3. A good NES game that has been passed over is Iron Tank. I don’t even think Pat Contri has mentioned it. It’s like if they made a full game out of a much better version of the tank from Ikari Warriors. One thing that was very cool for me at a young age was the multiple paths you can take. There was alot of exploration you could do, including different bosses depending on which way you go. It had bosses that inspired my drawings in first grade.. giant gun bases and tank trains and stuff… I thought Kickle Cubicle was a good puzzle game. Super dodge ball was the best sports game besides punch out on NES…Pat did a review on that one. -I actually bought the Arcade of it but believe it or not, the NES was much better. The NES Jackal was also better than the arcade. Illusion of Gaia on SNES. Metal Storm was good.

  4. Awesome idea! It’s sad how many great games are getting forgotten or disappearing into the mists of the past.

    Sometimes, to really appreciate a game you have to spend real time with it, like we did as kids when we didn’t have a billion games to play. It’s kind of like your games choose you, based on what you found at the store or in the bargain bin.

    I remember in 1996, I bought this PC game called Toonstruck, which is an FMV style adventure game where you control a disgruntled cartoonist who falls asleep and wakes up in the world of his own cartoon creations. Christopher Lloyd plays the cartoonist, and the art style is kinda like a Looney Tunes world, except pretty fucking twisted in parts. The actual game play is all about the puzzles and can be frustrating, but the sense of humor and acting is flat-out hilarious, and makes you feel like you’re in a classic cartoon. I can’t praise it enough. It sucks that almost nobody remembers it, although I was ecstatic to see it actually got a steam release.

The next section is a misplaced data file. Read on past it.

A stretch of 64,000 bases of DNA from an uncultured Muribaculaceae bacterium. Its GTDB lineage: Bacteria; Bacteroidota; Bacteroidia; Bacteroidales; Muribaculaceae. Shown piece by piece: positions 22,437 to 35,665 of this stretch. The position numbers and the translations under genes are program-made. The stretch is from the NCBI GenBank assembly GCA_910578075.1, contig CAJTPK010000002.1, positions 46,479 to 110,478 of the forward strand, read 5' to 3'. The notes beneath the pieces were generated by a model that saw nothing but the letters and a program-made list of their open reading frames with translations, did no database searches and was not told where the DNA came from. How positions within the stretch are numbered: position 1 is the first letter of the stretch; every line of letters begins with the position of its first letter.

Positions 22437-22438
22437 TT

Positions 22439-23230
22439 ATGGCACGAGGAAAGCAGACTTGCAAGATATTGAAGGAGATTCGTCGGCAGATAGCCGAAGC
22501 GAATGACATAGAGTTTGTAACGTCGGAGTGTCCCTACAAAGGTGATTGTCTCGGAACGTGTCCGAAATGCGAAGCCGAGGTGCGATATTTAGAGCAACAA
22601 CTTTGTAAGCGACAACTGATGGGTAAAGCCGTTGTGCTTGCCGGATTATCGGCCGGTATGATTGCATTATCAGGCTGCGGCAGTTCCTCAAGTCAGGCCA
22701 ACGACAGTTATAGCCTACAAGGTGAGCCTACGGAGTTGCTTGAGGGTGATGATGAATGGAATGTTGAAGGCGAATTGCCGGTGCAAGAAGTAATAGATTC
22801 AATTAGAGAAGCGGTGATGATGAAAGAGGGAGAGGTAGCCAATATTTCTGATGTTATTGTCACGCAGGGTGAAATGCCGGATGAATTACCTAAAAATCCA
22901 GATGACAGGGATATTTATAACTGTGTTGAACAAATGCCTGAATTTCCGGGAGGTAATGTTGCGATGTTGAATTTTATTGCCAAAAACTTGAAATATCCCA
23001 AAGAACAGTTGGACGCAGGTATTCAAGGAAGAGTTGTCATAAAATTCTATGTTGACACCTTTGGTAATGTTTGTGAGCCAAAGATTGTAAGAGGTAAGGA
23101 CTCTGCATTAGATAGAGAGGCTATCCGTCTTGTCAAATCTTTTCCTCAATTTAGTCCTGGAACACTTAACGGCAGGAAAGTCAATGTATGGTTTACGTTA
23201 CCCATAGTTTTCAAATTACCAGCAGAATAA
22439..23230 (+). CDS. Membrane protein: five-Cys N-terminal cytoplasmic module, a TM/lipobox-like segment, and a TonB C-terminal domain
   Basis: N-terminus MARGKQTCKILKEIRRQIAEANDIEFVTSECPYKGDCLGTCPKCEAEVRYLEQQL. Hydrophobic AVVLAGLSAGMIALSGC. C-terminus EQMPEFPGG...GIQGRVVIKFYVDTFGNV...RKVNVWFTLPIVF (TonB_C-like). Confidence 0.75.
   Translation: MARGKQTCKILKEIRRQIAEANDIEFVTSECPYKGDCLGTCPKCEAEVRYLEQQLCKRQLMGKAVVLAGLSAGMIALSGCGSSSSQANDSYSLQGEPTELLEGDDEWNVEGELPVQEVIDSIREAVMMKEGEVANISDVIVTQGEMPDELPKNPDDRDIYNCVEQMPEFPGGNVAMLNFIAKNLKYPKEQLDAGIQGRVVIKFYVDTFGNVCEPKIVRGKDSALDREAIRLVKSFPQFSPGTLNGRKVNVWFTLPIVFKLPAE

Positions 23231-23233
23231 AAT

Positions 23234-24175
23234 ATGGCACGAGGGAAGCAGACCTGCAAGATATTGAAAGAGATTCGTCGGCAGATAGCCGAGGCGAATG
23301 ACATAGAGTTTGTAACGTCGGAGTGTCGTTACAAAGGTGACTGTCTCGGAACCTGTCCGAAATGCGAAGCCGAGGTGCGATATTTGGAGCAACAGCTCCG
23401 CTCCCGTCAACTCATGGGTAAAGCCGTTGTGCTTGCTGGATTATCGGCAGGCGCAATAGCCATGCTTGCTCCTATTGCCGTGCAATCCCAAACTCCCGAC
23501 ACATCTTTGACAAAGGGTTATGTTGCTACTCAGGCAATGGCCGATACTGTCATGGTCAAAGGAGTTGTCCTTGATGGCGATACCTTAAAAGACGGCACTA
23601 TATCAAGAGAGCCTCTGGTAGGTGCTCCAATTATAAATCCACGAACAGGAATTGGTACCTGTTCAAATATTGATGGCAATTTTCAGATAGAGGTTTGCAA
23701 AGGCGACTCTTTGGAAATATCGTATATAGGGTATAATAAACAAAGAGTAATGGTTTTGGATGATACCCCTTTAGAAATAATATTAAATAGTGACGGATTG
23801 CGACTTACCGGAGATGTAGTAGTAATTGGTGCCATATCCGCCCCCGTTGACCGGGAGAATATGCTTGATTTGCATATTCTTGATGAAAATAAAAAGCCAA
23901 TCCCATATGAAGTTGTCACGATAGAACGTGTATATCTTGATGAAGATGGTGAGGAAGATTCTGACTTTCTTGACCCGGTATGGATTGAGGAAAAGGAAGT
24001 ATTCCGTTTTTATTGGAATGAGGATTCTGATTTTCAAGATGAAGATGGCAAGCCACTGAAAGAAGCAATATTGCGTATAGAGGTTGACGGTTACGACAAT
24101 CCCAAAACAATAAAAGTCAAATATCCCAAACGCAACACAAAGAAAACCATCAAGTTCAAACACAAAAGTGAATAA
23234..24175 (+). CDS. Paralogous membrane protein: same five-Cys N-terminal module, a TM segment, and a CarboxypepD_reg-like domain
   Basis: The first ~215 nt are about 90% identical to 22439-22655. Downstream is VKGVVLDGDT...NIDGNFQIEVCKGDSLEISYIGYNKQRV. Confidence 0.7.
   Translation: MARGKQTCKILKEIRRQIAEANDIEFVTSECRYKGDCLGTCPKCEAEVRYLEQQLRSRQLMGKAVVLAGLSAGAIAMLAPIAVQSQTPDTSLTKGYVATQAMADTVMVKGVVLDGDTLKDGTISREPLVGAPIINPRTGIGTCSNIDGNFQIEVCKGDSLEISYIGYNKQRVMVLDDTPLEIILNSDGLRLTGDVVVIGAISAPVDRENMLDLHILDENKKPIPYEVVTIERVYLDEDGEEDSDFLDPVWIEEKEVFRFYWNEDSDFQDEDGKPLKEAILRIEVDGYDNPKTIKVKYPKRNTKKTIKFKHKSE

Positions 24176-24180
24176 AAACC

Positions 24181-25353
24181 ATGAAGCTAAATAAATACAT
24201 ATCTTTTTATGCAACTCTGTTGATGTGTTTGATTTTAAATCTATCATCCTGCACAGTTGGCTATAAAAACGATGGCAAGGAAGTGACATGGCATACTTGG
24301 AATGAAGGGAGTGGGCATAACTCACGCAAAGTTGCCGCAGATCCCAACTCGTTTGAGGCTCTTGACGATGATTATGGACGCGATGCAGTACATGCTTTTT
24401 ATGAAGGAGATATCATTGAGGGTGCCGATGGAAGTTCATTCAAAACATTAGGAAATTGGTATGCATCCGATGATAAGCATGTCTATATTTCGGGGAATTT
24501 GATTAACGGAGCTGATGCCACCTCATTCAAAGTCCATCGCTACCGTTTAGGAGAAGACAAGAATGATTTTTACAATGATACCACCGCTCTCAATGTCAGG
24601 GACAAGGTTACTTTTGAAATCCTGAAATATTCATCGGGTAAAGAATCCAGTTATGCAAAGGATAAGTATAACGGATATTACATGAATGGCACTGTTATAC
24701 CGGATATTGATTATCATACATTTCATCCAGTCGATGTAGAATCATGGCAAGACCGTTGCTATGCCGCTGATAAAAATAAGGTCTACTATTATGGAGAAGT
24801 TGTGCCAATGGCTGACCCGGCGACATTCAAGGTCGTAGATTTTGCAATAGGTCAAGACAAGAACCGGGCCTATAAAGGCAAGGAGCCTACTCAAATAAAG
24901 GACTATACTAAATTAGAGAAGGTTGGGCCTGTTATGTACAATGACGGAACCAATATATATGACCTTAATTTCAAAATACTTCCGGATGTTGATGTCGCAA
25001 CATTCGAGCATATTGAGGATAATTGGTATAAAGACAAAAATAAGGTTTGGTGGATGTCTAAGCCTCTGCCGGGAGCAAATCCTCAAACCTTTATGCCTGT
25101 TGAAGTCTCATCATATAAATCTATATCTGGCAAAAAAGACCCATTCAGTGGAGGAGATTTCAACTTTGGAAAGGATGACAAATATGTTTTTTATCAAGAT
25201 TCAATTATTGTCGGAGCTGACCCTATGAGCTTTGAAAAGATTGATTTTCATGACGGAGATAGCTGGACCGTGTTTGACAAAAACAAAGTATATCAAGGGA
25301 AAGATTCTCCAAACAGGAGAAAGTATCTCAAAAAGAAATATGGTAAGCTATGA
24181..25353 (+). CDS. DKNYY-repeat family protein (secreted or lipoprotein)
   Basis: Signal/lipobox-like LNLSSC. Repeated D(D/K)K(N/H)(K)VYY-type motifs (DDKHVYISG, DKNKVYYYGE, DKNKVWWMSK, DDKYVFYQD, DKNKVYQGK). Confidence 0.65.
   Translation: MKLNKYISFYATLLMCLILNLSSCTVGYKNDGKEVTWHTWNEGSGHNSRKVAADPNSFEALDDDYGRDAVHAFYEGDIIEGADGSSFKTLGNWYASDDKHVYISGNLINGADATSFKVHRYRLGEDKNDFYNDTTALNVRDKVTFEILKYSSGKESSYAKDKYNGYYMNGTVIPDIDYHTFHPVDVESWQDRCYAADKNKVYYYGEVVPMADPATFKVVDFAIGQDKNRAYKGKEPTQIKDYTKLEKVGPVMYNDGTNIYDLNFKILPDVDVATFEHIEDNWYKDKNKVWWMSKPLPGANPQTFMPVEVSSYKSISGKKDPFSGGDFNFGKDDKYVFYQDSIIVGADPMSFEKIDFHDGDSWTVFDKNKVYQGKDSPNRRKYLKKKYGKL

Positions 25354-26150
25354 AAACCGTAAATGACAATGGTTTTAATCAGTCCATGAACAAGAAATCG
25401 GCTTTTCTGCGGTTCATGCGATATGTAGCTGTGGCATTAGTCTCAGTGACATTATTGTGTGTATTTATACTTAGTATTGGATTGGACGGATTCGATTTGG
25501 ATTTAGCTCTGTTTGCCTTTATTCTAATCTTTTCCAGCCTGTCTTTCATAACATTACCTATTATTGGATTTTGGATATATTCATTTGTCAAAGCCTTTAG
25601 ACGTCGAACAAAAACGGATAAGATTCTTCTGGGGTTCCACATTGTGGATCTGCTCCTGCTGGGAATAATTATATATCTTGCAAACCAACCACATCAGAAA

Good luck with the blog!

  5. Wonderboy 3: The Dragon’s Trap for the Sega Master System. They just released an HD remake of this which I was almost as baffled by when I came across Space Harrier 2, after being so fond of Space Harrier 3D (which the Sega Master System’s 3D I was in awe of at the time) My point of this ramble is that I came across Wonderboy 3 and Space Harrier 3D going into my local Toys R Us and looking at the back of the box. No reviews, no magazines, just my own feelings on what I saw. These are two I remember feeling like obscure gems to me. Anyways, the HD remake vs. the original would be of great interest to me, not because of the game, but from an artist’s thoughts.

  6. Demons Quest on the orignal Game Boy is a great game. Don’t hear too many people talk about it or the sequel on NES. They introduced mechanics which hadn’t been seen befor.
    Everyone is always going on about Demons Crest, which is awesome, don’t get me wrong, but the Demons Quest is it all began.

  7. Secret of Evermore was one of my favorite SNES games, but I don’t think I know another person who has played it. Similar to the Secret of Mana series, it is usually lumped in as a knockoff, but was designed as a standalone game. The game has its flaws, but it provided a cool story about a boy and his dog trying to escape a savage world. The sound effects were great, and the alchemy system was something different form the common mana spells in rpgs. I’d encourage people to give it a shot not as a Mana game, but as a game that stands on its own.